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How to Solve a Wicked Problem: An Introduction to Environment, Society and Sustainability

What might a new normal—one that respects the Earth and all of its inhabitants—look like? How can we use our knowledge of the world and its physical and social complexities to design better systems and communities? Where should change begin? These are just of the few questions that I grappled with in working towards writing a undergraduate textbook on sustainability. Over the summer, I worked in coordination with Professors of Geography Paul Sutton and Helen Hazen as a co-author in writing a textbook titled An Introduction to Environment, Society and Sustainability that will be used for the ‘Introduction to Sustainability’ course offered in the department of Geography and the Environment. This involved conducting research to write two individual chapters, organizing citations, creating and/or obtaining appropriate figures, building a glossary, and developing discussion questions and learning outcomes for each chapter.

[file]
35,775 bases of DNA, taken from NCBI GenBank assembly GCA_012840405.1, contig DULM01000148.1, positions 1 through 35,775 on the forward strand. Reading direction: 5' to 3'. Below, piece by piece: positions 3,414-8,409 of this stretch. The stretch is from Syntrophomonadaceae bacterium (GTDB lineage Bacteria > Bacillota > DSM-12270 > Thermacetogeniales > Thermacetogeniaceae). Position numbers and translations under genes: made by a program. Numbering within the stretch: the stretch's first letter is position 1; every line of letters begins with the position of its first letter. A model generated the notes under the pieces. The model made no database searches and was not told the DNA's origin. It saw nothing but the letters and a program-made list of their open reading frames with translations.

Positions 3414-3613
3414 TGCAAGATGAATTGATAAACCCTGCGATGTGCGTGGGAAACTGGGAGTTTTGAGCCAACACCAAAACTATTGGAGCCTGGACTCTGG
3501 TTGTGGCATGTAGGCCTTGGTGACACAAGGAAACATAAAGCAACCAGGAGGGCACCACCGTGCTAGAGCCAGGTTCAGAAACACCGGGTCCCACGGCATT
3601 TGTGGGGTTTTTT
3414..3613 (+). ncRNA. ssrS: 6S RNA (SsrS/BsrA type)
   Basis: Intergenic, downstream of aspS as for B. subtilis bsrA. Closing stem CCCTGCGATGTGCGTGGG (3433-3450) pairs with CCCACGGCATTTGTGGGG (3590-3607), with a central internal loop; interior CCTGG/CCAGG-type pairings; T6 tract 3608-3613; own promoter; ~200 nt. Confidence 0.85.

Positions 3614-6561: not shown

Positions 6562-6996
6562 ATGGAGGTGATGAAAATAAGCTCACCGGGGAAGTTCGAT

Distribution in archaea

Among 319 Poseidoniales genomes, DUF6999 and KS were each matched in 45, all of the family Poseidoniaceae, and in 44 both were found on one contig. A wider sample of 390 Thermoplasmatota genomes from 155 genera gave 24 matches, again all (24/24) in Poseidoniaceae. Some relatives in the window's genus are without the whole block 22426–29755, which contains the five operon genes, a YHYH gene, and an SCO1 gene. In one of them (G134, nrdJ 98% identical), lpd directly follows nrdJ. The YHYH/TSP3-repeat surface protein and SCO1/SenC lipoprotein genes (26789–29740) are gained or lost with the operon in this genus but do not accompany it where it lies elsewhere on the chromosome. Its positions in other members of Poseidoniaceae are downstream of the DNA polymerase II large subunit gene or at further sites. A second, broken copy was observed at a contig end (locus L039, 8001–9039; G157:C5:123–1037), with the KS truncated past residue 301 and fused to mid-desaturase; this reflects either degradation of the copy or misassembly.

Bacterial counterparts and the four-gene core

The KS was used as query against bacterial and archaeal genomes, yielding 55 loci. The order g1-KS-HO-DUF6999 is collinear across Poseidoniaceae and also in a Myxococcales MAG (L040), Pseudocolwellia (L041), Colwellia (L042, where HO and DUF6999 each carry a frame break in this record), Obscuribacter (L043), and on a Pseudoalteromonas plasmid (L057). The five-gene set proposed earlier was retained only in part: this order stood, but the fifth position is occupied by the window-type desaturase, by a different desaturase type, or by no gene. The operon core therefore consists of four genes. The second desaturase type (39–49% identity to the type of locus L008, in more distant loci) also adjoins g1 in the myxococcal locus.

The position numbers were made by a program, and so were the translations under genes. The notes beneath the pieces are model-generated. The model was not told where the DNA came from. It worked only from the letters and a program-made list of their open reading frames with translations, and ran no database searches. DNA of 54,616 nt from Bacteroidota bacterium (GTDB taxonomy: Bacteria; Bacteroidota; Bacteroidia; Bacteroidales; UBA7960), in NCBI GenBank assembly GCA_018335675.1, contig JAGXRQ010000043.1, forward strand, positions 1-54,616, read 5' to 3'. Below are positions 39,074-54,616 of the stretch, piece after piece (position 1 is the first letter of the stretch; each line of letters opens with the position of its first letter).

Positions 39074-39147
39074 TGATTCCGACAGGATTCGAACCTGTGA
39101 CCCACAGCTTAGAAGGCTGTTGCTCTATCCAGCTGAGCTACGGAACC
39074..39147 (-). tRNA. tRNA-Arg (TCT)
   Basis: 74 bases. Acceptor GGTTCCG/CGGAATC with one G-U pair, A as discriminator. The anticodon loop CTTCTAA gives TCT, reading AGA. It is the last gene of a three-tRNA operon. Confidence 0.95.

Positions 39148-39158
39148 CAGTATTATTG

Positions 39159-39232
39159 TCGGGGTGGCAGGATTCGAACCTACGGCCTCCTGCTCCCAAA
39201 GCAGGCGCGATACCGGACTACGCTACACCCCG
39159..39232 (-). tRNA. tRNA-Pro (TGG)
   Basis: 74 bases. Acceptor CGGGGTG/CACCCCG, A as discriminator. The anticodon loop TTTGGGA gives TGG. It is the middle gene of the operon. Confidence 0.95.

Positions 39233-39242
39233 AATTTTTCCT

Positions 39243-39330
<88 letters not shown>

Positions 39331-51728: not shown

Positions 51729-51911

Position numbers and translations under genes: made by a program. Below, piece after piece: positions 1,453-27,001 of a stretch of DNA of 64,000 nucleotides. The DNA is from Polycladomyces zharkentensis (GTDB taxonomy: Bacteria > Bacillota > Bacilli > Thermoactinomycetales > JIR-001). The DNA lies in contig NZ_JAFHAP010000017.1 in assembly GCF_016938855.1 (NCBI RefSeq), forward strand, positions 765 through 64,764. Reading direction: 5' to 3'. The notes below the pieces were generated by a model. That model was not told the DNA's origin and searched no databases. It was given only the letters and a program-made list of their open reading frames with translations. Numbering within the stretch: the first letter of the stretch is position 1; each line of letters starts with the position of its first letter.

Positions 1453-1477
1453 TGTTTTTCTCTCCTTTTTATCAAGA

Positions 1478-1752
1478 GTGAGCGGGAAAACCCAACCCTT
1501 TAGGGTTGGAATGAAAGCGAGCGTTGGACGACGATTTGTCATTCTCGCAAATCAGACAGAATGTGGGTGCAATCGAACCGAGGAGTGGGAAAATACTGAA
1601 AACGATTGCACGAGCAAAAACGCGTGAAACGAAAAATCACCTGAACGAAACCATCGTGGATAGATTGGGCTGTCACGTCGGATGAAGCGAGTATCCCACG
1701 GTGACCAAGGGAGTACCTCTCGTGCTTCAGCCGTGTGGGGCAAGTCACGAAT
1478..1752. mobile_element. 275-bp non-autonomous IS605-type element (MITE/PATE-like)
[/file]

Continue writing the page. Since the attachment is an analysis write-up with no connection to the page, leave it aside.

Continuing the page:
This book takes a new approach to compelling contemporary questions regarding the inter-related issues of population, social justice, and environmental sustainability using the framework of what are known as “wicked problems.” The idea of a “wicked problem” means that environmental issues are so complex and involve so many stakeholders that they require an understanding of systems at a broad variety of scales if they are to be addressed. For example, instead of focusing on simple solutions such as recycling, composting and renewable energy, this book will look to push towards broader economic, political, and social systemic change. Sustainability requires a complex and interdisciplinary approach, and this book aims to highlight the importance of systems thinking to develop solutions for the future. The project culminated in a full draft of the textbook including 13 chapters of 7,000-8,000 words per chapter (about 100,000 words total) which has an expected publication date later this year.